In January 2019 Haglöfs announced its new Haglofs Grym Evo jacket. I have the jacket at home and am going to use and review it in the coming weeks. With a price point around the € 350,- it’s a three-layer jacket, so an outer layer that is windproof, waterproof and strong, a second layer, the so-called membrane that does not allow water from the outside to come through but does wick perspiration moisture from the inside-out, and an inner layer that should feel comfortable and protects the membrane. These layers are laminated and together form the material of the jacket. It’s a jacket that, like the EcoProof jacket that I brought to Terschelling, was made with Haglöf’s own Proof™ Eco material.
Last year I wrote about the “trend” among outdoor brands to work on sustainability in different ways. Our visit this year to the ISPO outdoor fair confirmed that this trend was not a whim, but that people continue on the same path. With alternative materials such as bioplastics, traceable down as a standard, water-efficient methods to color clothing, water-soluble plastic packaging for transport and much more.
Haglöfs has used its PROOF™ ECO material again this time, and not only in the Grym jacket but in more and more products in the collection. It is made of 100% recycled polyamide and uses a PFC-free DWR coating to make the outer fabric of the jacket even more waterproof. DWR (durable water repellent) coatings pursue the so-called “beading effect”. Where such a coating also protects the material bit from dirt and grime. DWR coatings based on fluor can do that very well, but if the coating wears (which it always does) the fluor enters our natural environment which is quite harmful.
So the PROOF™ ECO material is made of and with sustainable materials, and strives for complete weather resistance. The water tightness has a rating of 15000 hydrostatic head. The breathability is at 15000 grams per square meter per 24 hours. These are laboratory ratings that actually translate into material that is well waterproof (there are higher water densities in very technical coats) and has medium breathability.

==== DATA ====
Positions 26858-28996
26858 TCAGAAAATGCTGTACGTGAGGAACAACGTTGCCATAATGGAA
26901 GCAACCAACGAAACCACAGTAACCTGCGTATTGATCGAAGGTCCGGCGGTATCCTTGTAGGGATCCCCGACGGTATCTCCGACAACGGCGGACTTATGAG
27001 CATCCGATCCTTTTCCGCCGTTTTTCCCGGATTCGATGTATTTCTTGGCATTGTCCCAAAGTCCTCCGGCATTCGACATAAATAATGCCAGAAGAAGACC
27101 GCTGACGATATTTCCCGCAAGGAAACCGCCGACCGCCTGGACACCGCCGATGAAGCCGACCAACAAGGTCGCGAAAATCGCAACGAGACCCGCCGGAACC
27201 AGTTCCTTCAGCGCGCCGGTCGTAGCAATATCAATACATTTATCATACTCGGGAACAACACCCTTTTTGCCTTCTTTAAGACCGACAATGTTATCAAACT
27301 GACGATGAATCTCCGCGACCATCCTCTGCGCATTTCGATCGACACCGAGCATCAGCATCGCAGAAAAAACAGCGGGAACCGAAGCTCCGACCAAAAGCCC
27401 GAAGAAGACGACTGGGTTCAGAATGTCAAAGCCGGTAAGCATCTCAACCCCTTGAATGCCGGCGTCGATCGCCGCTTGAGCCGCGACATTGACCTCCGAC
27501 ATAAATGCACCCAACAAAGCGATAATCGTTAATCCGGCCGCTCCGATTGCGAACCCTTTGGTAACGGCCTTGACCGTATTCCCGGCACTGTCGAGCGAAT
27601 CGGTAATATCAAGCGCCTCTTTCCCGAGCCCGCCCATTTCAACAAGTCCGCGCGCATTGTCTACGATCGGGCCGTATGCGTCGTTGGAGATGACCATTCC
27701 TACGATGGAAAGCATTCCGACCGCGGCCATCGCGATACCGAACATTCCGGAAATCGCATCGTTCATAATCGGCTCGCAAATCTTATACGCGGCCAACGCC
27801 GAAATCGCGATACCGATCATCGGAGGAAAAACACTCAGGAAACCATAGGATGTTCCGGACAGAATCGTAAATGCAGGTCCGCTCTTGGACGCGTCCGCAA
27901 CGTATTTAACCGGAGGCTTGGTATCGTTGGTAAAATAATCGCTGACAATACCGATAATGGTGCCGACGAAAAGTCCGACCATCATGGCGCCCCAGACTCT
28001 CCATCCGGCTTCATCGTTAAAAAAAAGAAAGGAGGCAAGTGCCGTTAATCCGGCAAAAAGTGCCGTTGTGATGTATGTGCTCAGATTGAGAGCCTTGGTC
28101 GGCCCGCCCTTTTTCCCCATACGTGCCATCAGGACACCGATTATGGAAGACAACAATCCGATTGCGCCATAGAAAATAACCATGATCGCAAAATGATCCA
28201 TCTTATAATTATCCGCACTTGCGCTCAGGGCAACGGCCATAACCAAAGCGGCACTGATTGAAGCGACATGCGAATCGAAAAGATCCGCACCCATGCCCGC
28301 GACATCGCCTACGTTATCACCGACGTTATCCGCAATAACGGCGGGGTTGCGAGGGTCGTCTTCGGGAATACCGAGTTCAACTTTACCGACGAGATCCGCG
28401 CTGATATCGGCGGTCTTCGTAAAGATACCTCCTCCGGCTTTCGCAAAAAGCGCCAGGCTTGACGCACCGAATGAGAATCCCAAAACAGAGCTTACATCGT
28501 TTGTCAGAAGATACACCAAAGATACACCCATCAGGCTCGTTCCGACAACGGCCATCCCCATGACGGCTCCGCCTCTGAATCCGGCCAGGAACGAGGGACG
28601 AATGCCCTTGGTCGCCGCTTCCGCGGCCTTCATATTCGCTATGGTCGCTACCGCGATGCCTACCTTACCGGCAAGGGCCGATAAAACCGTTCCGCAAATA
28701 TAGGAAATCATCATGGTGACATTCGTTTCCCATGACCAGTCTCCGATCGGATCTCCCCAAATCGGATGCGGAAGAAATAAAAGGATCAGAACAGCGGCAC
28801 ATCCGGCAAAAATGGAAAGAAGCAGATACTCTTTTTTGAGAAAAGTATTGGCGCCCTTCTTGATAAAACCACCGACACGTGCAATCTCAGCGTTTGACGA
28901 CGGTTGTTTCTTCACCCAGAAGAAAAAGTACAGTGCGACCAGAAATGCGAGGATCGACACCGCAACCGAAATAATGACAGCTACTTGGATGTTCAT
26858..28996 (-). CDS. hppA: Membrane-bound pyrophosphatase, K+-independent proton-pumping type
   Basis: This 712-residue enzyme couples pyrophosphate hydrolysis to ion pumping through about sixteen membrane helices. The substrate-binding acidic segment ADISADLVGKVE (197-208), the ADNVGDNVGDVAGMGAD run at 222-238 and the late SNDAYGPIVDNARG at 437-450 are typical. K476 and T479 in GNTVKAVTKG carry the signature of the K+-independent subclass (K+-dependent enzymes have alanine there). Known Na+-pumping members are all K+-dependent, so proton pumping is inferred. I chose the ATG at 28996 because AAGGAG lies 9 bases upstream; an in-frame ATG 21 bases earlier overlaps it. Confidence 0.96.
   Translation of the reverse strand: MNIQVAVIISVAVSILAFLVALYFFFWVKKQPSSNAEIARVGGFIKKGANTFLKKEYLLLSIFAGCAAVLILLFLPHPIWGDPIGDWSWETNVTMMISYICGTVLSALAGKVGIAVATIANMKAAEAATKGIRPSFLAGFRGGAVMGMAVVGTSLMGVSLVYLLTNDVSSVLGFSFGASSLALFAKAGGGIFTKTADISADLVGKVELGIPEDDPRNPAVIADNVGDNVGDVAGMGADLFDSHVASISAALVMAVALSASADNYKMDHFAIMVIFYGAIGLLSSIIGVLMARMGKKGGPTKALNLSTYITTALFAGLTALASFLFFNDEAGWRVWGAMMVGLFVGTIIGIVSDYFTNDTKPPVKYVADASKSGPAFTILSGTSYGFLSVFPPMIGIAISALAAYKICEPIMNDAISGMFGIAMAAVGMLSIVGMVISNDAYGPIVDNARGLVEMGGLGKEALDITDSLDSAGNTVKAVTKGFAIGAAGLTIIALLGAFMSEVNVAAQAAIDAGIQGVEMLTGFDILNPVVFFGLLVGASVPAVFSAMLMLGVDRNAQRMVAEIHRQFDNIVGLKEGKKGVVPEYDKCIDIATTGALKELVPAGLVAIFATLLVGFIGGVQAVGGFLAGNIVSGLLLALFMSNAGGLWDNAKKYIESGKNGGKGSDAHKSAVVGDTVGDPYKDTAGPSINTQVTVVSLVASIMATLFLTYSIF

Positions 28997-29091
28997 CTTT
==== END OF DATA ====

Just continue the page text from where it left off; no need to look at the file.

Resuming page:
“Tough, Technical and Sustainable”
These ratings are a clear indication of what the Grym has been made for. Day hikes, multi-day hiking trips and use during activities that are not extremely physically intensive. In the press release on this jacket, Haglöfs says: “It’s perfect for trekking activities and features everything you need for a trip deep into the wilderness.” Haglöfs also emphasizes the robustness of the material. I can confirm, when feeling the shell that the material really feels very strong, with a large ripstop weave in it.
It is a bit more “technical” in relation to the EcoProof Jacket we reviewed earlier, but we still think the Grym looks good and stylish. I have the yellow / mustard-colored version; a color that Haglöfs himself calls “desert yellow”. Interestingly, this is a color that is also used in collections of other brands.
Versatility = Sustainability
Another element of durability, and perhaps a very decisive one, in our minds here at GearLimits, is the versatility of a product. How nice is it when you buy a jacket that you can wear it under a lot of different circumstances and during many different activities.
That is why we are always a fan of shell jackets as a whole. Because a shell has no lining, you can combine them very well with different layers that you wear under the jacket. And these you can choose depending on the outside temperature, and which activities you will do.
Standing at the edge of a sports field in autumn watching and supporting your kids, you can put on a nice warm down jacket under the shell which is protecting you from the wind and the rain. If you take the dog for a walk and try to keep up with it, you put a lighter fleece under the shell for example. Perhaps you’ll need to open the ventilation zips under your arms open. And if you go on an adventure, micro or otherwise, then your mid layer is well light and you can feel the usefulness of that breathability of the jacket. in front of your tent in the evening, you get the earlier mentioned down jacket from your backpack and you’re warm again.
And how nice is it when a jacket does not look like you are necessarily going on an expedition, by which I mean that if that same jacket has some style to it, you can also wear it perfectly commuting to work on your bike or otherwise, or if you go shopping in the city.